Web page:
We Must Listen Attentively to the Warning from Moody'sMoody's has warned that the attempt at Korean economic restructuring will be seen as purely for show - and could lead to a revival of the recent crisis - if financial instability is not fundamentally tackled. President Kim Dae-jung, anxious about their remarks, has ordered drastic changes to related governmental agencies. Warnings about the status of our economy have been given by many Korean economic researchers, but have caused relatively little concern compared to this caution from Moody's.
In spite of the apparently bright situation of the Korean economy over the past two years, the three biggest credit analyzers in the world including Moody's have refused to make an upward credit adjustment. The warning from Moody's has been received as a confirmation of international distrust of Korea.
Moody's remarks contain three points of great interest. Firstly, that our restructuring does not have "heads and tails." They said bad banks and companies have not been consistently sloughed off. Even the government seeks to lay the blame on other insolvent enterprises. Perceived responsibility for insolvent operations was passed to secondary monetary circles, back to the banks, and finally was placed in the laps of the people. The origins of our financial instability - such as the Daewoo crisis - still haven't been challenged.
The second point is the hidden sickness in the second monetary circle, such as commercial stock trading companies. Even the government seems unaware of their deep-rooted problems. If the market mirrors optimistic government estimates of the scale of the bad money problem, instability will persist.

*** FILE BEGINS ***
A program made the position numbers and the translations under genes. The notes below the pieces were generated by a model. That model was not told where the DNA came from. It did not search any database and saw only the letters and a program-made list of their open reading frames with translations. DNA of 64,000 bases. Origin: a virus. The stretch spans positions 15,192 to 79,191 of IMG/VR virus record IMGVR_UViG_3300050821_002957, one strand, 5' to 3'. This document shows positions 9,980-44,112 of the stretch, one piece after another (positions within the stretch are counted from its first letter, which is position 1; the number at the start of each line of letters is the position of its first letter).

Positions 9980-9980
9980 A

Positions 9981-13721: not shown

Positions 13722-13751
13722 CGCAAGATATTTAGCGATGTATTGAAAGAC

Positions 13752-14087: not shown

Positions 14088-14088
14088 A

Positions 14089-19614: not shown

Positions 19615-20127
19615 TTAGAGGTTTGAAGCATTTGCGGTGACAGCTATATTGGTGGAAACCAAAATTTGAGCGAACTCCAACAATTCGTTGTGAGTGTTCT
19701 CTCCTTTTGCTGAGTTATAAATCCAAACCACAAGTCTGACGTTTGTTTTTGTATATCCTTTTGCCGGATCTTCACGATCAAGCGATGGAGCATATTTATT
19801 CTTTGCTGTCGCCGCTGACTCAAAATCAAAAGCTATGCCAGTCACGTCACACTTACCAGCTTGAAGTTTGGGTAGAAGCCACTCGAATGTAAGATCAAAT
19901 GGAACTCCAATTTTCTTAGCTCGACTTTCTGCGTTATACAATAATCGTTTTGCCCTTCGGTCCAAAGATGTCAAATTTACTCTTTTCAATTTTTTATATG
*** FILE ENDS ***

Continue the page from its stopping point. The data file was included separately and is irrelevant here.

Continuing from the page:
The third problem is that the chaebol (conglomerates) reduced their debt ratio merely with capital increases to branch companies, the help of a recovering Korean economy and low interest rates. Moody's points out failings by the chaebol in improving administrative structure and polishing their public images. Even without those problems, our economy contains stagnating stock markets, aggravated international payments and quarrels between labor forces and management. If our economy again undergoes depression, we will be unable to counter these ticking bombs.
Actually, Moody's warning could work negatively. It could be used as a plausible argument for the radicalists who suggest a quick revolution. But, to win an opportunity to rebuild world confidence, we have to reassess the process of economic restructuring and come up with a clear and public restructuring schedule.
by Kim Jin-kook